Chocolate sandwich cookies.
The last one (arguably the most important) grabs my attention, so I grab a 15.25 oz limited-edition package and check out.
The thing is, I don’t even like OREOs. I can’t remember the last time I ate an OREO. Or craved an OREO. Or received or gifted an OREO. I immediately text an old college friend, Mario. Since the pandemic’s onset, we’ve been having virtual Friday night happy hour (which technically can happen any night of the week at any time of day.)
“Mario, you wouldn’t believe what I just bought.”
“Something at Target?”
“Not just something. Pride OREOs. And I think they’re heart-shaped. Or maybe the cream filling is rainbow-colored,” I consider. “Could they be heart-shaped and rainbow-colored?”
“I don’t know. They could be,” he responded patiently. To my knowledge, Mario has only once taken an edible. We’d been visiting Washington, D.C. for Pride, planting roots along the parade route next to a vivacious lesbian couple who gave him a cookie. It was a special cookie, and about 45 minutes later, it had all gotten to be “too much” for him, so we headed back to the hotel, where he proceeded to perform a modern dance to “Groove is in the Heart.”
“Do you want to bet?” I ask.
“No, I don’t want to bet. Just open the package.”
Like that sinking feeling when you arrive on a first date with someone you’ve met online, and the real-life deliverables don’t quite measure up to the expectation, such was the OREO letdown. Maybe worse.
It was an OREO. A plain ‘ole round, chocolate cookie, cream-filled OREO. No heart shape, no rainbow. What the f*ck?
“Alexa! Living room lights 100 percent!” I screamed, crumbs spilling out of my mouth as I grabbed the packaging for a more thorough inspection.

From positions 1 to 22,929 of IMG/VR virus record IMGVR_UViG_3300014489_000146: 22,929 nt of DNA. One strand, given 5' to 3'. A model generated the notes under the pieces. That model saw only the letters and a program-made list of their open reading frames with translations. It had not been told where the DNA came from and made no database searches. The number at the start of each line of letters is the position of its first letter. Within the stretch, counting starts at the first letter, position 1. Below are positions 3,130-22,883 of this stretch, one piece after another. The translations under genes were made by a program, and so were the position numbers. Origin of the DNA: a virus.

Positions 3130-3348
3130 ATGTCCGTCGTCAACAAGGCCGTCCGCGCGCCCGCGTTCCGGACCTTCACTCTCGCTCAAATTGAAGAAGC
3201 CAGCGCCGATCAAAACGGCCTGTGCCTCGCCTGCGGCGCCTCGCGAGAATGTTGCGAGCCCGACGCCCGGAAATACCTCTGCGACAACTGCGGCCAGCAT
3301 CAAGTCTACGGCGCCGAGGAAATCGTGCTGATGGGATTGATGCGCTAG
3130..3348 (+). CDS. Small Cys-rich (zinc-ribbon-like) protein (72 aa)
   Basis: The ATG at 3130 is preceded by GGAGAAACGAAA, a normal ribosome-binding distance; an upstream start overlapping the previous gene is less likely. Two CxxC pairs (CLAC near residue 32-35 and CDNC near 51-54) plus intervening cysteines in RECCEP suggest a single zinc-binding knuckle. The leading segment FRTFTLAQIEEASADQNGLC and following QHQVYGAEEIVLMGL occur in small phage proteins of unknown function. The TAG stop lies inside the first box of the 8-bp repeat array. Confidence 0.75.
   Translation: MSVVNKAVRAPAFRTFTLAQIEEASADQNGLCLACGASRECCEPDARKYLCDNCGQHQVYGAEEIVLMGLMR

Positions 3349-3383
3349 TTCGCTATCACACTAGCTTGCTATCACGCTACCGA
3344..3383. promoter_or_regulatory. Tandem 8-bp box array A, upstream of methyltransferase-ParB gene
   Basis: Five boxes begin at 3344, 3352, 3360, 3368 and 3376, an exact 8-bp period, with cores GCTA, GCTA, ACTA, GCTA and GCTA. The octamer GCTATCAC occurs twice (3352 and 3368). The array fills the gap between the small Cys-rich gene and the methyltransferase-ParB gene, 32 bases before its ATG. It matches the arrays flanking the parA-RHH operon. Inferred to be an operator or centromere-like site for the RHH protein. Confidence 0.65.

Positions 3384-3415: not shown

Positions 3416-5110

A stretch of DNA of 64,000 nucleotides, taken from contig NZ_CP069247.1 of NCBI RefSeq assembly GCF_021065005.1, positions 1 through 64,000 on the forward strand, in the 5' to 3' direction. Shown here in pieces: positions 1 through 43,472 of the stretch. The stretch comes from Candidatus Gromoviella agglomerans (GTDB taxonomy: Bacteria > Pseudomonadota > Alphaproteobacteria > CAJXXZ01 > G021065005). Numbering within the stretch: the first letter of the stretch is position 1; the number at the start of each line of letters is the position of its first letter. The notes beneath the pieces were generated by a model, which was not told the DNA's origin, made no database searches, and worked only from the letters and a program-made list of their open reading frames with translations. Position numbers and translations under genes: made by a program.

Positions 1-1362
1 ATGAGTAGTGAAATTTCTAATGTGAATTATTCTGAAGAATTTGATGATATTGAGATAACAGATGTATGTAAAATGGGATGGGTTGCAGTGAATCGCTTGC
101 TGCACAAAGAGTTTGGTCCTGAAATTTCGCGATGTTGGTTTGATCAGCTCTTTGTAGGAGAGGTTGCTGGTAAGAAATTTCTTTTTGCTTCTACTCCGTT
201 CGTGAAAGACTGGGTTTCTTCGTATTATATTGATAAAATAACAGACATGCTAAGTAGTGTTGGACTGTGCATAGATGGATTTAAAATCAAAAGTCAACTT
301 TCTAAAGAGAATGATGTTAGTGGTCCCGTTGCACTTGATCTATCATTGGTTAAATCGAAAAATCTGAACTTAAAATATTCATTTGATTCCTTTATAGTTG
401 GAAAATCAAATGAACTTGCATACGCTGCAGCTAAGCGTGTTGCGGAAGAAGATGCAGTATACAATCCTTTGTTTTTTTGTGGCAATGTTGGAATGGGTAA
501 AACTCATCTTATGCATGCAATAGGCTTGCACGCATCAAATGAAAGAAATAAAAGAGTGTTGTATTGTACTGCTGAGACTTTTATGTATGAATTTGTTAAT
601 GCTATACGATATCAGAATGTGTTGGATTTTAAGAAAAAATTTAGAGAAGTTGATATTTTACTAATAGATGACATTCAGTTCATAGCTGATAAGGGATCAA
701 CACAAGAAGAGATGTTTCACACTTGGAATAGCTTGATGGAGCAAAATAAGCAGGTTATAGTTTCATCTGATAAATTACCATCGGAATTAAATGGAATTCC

The heart shape was, in fact, a composite of several cookies; likely the work of a millennial graphic designer. This isn’t the first time OREO has found itself in murky Pride waters. In 2020 the brand caught heat for releasing “capitalist” rainbow cookies, though the public awareness campaign intended to bring attention to the variety of Pride flags.
I only discovered this after having eaten an entire sleeve of cookies. I felt slightly better, recognizing that the brand has had a longtime partnership with PFLAG. I also wondered amidst my ebbing high if the protagonist’s parents would accept me as their son’s new boyfriend.
I examined the last remaining cookie with tactile reverence. Baked into its unbleached enriched flour, cocoa, and high fructose corn syrup exterior (with just enough salt to keep you grabbing for more), I noticed an inscription worthy of Gilgamesh: Proud.
Proud, not Pride? A manufacturer’s error or intentional re-examining of a word that’s grown into a movement?
Less and less do I feel like celebrating these days. At times, the attacks on LGBTQ+ rights feel insurmountable, diminishing my energy to a mere flicker. But then I witness the emergence of new works of queer art or a fearless 17-year-old activist and Pride begins to feel like a collective force to be reckoned with rather than a capsule collection. Whether I remain on the periphery or enter into the eye of the storm, history proves that our community will be there to support me. I’ll bring the cookies.